"IT IS THEREFORE ORDERED, ADJUDGED AND DECREED that this court's Order . . . granting summary judgment to [the physician] defendants . . . should be certified as an Interlocutory Order pursuant to Rule 1.50 of the Rules of Appellate Procedure in civil cases."
13 Supra note 1.
14 Vanderpool v. State of Oklahoma ex rel. Oklahoma Historical Society, Okl., 672 P.2d 1153, 1156-57 (1983).
16 The Governmental Tort Claims Act was effective October 1, 1985. The terms of its ' 152.1 [51 O.S. 1991] , which have not been amended since 1984, are:
"A. The State of Oklahoma does hereby adopt the doctrine of sovereign immunity. The state, its political subdivisions, and all of their employees acting within the scope of their employment, whether performing governmental or proprietary functions, shall be immune from liability for torts.
B. The state, only to the extent and in the manner provided in this act, waives its immunity and that of its political subdivisions. In so waiving immunity, it is not the intent of the state to waive any rights under the Eleventh Amendment to the United States Constitution."
17 For the text of 51 O.S. 1991 ' 152.1 (B), see supra note 16.
18 The terms of 51 O.S. 1991 ' 153 provide:
"A. The state or a political subdivision shall be liable for loss resulting from its torts or the torts of its employees acting within the scope of their employment subject to the limitations and exceptions specified in this act and only where the state or political subdivision, if a private person or entity, would be liable for money damages under the laws of this state. The state or a political subdivision shall not be liable under the provisions of this act for any act or omission of an employee acting outside the scope of his employment.
B. The liability of the state or political subdivision under this act shall be exclusive and in place of all other liability of the state, a political subdivision or employee at common law or otherwise."
19 For the text of 51 O.S. 1991 ' 152.1 (A), see supra note 16.
20 Neal v. Donahue, Okl., 611 P.2d 1125, 1129 (1980).
21 The pertinent terms of 51 O.S.Supp. 1986 ' 152 (5) (eff. July 1, 1986), which were applicable when the Anderson claim arose, provided:
"5. "Employee" means any person who is authorized to act in behalf of a political subdivision or the state whether that person is acting on a permanent or temporary basis, with or without being compensated or on a full-time or part-time basis. Employee also includes all elected or appointed officers, members of governing bodies and other persons designated to act for an agency or political subdivision, but the terms does not mean a person or other legal entity while acting in the capacity of an independent contractor. For the purpose of this act, physicians acting in an administrative capacity, resident physicians and resident interns participating in a graduate medical education program of the University of Oklahoma College of Medicine or the Oklahoma College of Osteopathic Medicine and Surgery and faculty members of the University of Oklahoma College of Medicine and the Oklahoma College of Osteopathic Medicine and Surgery, while engaged in their teaching duties are employees of the state. Physician faculty members of the University of Oklahoma College of Medicine and the Oklahoma College of Osteopathic Medicine and Surgery not acting in an administrative capacity or engaged in teaching duties are not employees or agents of the state. However, in no event shall the state be held liable for the tortious conduct of any physician, resident physician or intern while practicing medicine or providing medical treatment to patients." [Emphasis added.] The quoted language was not changed by the 1989 amendment of ' 152 (the version in effect when the Bhat claim arose). The 1990, 1991, 1992 and 1993 amendments have no effect on this litigation. The July 1, 1986 amendment of ' 152(5) added the fourth and fifth sentences and altered the third sentence which earlier read: "For the purpose of this act, physicians acting in a nonadministrative capacity, except for resident physicians and interns, practicing at the State of Oklahoma Teaching Hospitals are not employees or agents of the state."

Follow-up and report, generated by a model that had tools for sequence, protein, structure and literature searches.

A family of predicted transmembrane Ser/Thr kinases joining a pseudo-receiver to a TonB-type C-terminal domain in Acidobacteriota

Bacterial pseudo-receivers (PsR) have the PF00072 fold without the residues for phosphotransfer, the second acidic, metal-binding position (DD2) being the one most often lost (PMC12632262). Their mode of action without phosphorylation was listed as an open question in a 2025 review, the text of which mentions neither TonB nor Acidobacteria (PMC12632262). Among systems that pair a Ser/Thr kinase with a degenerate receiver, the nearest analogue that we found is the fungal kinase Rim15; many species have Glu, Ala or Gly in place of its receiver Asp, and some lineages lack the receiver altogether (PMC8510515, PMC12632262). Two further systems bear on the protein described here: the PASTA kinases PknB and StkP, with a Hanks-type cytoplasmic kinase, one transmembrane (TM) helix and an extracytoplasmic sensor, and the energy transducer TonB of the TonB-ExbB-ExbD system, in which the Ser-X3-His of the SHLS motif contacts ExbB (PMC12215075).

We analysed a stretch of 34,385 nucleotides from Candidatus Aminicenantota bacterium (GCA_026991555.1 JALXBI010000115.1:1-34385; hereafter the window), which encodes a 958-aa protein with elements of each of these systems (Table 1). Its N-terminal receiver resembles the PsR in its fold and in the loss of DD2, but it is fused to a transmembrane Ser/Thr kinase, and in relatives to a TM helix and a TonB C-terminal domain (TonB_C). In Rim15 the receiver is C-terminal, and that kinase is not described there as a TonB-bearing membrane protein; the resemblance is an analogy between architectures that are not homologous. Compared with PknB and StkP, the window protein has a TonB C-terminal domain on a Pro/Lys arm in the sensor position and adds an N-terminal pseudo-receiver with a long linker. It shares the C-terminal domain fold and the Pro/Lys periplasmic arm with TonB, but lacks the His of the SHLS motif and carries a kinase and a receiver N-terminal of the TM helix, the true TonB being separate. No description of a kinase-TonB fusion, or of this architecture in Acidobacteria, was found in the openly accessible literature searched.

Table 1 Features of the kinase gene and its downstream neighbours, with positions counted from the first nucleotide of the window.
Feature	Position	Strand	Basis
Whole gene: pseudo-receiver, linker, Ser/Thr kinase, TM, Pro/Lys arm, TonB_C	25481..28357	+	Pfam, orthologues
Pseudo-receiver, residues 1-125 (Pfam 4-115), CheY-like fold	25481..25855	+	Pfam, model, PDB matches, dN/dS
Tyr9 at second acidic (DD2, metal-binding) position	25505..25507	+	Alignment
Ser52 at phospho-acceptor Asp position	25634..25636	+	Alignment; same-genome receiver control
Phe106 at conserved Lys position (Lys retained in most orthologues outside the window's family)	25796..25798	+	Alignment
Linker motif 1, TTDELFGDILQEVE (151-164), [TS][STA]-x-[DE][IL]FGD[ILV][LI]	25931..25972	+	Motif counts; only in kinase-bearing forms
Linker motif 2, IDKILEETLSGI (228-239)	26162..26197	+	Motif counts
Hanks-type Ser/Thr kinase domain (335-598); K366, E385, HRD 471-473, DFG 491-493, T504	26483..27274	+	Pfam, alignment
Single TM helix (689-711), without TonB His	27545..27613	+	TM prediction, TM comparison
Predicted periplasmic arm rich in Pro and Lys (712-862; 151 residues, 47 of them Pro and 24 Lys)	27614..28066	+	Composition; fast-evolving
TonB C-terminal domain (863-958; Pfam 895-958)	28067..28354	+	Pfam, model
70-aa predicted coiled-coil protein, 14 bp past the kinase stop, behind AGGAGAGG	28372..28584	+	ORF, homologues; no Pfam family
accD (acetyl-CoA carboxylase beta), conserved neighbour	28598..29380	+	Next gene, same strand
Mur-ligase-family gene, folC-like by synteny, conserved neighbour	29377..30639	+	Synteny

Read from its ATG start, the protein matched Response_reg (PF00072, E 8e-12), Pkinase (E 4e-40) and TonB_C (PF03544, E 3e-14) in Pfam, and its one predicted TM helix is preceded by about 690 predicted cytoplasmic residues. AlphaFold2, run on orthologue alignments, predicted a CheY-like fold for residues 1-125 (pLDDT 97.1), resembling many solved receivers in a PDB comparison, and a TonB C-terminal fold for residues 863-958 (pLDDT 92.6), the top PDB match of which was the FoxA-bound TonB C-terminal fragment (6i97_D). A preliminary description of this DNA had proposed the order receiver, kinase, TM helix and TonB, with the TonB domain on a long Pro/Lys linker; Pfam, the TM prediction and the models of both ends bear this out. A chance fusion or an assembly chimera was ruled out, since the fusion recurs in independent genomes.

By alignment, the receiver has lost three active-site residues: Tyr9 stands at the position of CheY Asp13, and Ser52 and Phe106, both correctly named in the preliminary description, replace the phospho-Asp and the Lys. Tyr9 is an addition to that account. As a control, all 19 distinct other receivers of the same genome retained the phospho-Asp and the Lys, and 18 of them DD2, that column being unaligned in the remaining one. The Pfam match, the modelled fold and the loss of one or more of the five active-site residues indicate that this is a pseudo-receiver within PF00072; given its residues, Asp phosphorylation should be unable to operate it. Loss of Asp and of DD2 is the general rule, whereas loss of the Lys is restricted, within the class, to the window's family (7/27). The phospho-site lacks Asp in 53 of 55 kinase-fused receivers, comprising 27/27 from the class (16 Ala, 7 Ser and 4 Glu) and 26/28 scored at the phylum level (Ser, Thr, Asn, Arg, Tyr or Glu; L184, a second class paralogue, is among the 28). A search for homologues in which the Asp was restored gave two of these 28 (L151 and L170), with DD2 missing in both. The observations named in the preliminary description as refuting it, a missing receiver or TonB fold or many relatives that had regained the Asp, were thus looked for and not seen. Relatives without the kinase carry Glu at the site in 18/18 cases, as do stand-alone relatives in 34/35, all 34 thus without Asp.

22 So-Lo Oil Company, Inc. v. Total Petroleum, Inc., Okl., 832 P.2d 14, 18 (1992); Humphrey v. Denney, Okl., 757 P.2d 833, 835 (1988); Matter of Phillips Petroleum Co., Okl., 652 P.2d 283, 285 (1982); Lancaster v. State, Okl., 426 P.2d 714, 716 (1967); State v. Dinwiddie, 186 Okl., 63, 95 P.2d 867, 869 (1939).
23 For the pertinent terms of ' 152, see supra note 21.
24 Under the doctrine of respondeat superior a principal or employer is generally held liable for those acts of an agent or employee which fall within the latter's authority. Qui facit per alium facit per se (the act of the employee is the act of the employer). This rule rests on the premise that, when exercising delegated authority, the employee stands under the complete control of the employer. Texaco, Inc. v. Layton, Okl., 395 P.2d 393, 396-397 (1964). See also Braden v. Hendricks, Okl., 695 P.2d 1343, 1352 (1985); Elias v. Midwest Marble and Tile Co., Okl., 302 P.2d 126, 127-128 (1956); Mid-Continent Pipeline Co. v. Crauthers, Okl., 267 P.2d 568, 571 (1954). World Pub. Co. v. Smith, 195 Okl. 691,  P.2d 861, 863 (1945). The terms of ' 152, supra note 21, which provide that the state shall not be liable for medical malpractice, appear to be a legislative attempt to preserve for the state the same general protective separation that is afforded private hospitals in similar situations. In most jurisdictions, the theory of respondent superior is not extended to a hospital if the doctor is considered a private contractor operating on his/her own behalf - i.e., when a doctor-patient relationship pre-exists the patient's admission to the hospital. See Weldon v. Seminole Municipal Hospital, Okl., 709 P.2d 1058, 1059-1060 (1985). But, under the theory of ostensible agency a hospital can be vicariously liable for the negligence of a physician, notwithstanding the physician's independent contractor status, when the patient looks for treatment "solely to the hospital" rather than viewing its facility as merely "the situs where his physician would treat him for his problems." Id.